Trichomoniasis (trich) is treated with an oral antiprotozoal medicine, such as metronidazole or tinidazole. The medicine is taken either as a single dose or as multiple doses.
Your sex partner(s) should be treated at the same time you are being treated. This increases the cure rate and reduces the possibility of further transmission or reinfection. Sexual intercourse should be avoided during treatment until symptoms are gone and until partners have been treated. It is best to avoid sex for 1 week after treatment with a single dose of metronidazole. Male partners may not have symptoms but still need treatment.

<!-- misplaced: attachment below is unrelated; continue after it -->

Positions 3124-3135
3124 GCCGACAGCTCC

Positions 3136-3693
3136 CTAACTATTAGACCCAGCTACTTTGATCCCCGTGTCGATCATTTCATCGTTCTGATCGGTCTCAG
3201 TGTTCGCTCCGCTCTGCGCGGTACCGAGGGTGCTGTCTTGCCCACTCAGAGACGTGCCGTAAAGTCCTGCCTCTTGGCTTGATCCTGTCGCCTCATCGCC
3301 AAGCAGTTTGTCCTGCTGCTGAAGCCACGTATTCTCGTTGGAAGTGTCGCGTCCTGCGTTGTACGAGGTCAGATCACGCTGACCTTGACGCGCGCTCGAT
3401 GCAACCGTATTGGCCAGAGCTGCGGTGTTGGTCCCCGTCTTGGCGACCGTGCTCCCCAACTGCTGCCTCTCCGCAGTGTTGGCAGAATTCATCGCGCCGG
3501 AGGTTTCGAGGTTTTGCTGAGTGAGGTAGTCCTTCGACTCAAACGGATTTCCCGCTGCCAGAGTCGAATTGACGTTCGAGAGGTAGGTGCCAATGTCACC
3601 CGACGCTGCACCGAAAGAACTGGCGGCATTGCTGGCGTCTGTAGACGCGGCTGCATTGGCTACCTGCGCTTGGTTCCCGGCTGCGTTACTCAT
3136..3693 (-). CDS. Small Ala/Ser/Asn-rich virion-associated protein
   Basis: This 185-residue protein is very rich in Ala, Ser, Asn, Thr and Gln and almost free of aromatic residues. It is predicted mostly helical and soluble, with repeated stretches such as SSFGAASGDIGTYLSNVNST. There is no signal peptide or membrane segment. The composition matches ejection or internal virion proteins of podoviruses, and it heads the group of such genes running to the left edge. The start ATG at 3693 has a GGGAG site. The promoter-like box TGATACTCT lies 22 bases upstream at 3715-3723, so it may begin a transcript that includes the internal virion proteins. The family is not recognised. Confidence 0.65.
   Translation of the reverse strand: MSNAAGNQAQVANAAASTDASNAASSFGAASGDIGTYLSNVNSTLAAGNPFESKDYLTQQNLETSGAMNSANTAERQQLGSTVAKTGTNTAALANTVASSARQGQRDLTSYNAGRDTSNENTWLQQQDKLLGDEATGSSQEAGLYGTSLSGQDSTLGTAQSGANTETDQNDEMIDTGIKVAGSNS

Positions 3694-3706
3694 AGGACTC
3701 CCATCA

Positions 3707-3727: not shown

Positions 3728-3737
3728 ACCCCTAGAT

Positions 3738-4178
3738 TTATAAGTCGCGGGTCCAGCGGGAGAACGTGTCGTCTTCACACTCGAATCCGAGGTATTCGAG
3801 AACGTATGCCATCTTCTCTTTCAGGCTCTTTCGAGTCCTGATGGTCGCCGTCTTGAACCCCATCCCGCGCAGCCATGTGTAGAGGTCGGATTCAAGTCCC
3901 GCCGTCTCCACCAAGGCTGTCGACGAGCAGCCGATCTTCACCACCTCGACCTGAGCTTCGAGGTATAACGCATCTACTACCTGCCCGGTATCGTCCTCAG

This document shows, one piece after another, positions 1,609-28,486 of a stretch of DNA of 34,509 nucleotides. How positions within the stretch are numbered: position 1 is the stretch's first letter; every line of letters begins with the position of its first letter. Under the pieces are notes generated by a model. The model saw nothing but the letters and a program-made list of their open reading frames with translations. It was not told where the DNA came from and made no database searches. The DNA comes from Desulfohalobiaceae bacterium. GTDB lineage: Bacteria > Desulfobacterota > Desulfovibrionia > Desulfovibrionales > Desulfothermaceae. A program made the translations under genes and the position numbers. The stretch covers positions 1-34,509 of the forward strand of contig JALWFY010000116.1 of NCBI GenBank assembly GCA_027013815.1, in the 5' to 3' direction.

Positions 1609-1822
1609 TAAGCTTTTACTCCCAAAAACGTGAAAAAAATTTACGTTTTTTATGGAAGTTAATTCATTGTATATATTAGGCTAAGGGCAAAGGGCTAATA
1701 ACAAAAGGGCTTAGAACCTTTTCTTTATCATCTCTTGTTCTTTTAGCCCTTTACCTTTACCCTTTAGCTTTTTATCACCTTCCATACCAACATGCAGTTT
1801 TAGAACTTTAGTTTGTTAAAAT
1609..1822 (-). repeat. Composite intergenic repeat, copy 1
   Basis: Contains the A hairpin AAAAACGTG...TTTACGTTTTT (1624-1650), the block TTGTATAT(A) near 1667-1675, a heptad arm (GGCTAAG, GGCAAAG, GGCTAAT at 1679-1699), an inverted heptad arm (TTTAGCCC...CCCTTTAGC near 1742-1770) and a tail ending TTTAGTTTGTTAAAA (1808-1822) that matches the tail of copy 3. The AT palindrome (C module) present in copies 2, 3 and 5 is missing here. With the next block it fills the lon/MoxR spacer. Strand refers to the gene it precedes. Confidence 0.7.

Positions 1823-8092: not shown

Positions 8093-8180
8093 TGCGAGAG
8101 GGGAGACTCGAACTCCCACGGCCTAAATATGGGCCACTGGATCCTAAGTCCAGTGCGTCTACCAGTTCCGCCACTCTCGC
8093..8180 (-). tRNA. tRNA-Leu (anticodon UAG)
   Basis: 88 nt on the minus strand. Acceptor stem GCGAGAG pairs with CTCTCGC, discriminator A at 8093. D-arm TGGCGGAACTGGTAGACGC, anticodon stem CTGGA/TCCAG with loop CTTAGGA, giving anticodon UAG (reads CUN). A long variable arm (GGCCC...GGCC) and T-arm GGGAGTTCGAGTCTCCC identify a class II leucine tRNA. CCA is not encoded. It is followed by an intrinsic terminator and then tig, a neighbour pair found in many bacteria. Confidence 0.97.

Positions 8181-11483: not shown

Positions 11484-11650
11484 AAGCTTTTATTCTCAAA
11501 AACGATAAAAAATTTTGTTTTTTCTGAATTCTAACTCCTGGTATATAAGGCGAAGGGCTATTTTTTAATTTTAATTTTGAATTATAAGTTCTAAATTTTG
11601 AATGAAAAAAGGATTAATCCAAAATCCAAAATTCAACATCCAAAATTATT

People who are infected with HIV receive the same treatment for trich as those who are HIV-negative.
Trichomoniasis during pregnancy raises the risk of premature rupture of membranes (PROM) and premature delivery. Treating the infection may not always reduce this risk, but it can relieve symptoms and prevent infection in the newborn. If you are pregnant and have trichomoniasis, talk to your doctor about the pros and cons of treatment.
Vaginal suppositories and creams aren’t effective in curing trich, but they may reduce discomfort and swelling in the genital area.